Friday, November 2, 2007

An hydrogen eclipse

How do you catch a planet around another star? One of the most important techniques used is looking for transits -that is, the tiny dip in star brightness when a planet passes in front of the star itself. By studying such phenomena, a surprising number of informations can be squeezed out, for example on the remote planet atmosphere composition or temperature. Recently, researchers at the UCSC discovered something really odd about the gas giant HD 209458 b. They compared the transit depth (i.e. the amount of starlight blocked by the planet) in visible light and in the ultraviolet band that is absorbed by hydrogen -the Lyman-alpha line.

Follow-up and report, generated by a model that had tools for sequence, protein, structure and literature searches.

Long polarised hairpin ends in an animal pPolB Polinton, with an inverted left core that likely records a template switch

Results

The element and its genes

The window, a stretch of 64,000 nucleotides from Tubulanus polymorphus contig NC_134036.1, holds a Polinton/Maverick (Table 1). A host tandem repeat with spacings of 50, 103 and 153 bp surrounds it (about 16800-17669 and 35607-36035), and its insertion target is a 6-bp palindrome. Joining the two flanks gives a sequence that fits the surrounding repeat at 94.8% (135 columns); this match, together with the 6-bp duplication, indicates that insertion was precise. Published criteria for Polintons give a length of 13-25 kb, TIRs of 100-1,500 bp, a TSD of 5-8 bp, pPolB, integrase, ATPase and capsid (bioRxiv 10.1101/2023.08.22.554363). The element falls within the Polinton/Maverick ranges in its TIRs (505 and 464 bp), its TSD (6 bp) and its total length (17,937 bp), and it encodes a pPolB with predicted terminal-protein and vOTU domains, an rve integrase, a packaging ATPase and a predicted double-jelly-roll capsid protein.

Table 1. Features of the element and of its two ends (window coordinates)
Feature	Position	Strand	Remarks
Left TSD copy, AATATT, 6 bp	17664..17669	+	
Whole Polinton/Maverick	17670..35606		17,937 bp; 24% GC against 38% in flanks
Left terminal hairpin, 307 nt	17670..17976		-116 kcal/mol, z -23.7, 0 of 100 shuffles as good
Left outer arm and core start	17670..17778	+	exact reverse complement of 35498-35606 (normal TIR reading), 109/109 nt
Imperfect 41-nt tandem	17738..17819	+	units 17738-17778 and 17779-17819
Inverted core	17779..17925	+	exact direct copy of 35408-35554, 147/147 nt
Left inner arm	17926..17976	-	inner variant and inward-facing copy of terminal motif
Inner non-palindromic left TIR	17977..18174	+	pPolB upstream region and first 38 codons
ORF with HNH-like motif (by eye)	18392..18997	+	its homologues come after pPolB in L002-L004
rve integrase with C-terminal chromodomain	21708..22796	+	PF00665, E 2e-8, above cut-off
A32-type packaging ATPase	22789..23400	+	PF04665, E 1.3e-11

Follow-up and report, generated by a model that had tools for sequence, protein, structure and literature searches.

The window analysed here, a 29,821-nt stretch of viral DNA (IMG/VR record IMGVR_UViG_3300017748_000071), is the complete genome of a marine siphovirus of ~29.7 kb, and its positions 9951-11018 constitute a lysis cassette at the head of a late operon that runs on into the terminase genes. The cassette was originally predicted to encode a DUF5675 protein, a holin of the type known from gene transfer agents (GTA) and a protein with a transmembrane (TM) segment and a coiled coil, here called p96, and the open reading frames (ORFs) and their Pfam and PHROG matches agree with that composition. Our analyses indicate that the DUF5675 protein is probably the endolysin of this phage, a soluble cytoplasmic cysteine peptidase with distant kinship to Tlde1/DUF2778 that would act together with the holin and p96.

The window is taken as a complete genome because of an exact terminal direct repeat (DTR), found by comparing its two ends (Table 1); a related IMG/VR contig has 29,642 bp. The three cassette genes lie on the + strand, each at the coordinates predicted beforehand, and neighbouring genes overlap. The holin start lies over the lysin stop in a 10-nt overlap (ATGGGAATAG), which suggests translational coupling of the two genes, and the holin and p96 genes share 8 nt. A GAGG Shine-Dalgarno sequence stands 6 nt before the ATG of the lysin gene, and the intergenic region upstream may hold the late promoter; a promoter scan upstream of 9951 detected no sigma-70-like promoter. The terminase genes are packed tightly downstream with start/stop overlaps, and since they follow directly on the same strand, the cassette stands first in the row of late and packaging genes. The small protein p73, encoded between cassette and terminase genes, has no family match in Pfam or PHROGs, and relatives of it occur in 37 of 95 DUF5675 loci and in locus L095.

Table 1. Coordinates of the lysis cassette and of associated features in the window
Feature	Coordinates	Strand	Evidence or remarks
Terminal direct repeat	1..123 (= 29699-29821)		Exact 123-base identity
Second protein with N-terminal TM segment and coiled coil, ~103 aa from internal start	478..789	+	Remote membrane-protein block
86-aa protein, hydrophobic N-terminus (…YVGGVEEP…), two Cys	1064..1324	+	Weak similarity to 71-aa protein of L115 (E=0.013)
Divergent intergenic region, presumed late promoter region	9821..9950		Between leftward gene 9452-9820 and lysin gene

They did find that the transit is much deeper in the Lyman-alpha light, just like if the planet was much larger in that frequence (see image above). This means that HD 20958 b has a gigantic hydrogen comet-like cloud around it, that would be quite transparent for our sight but dramatically conspicuous in the ultraviolet.

Read the original story on the Systemic blog.

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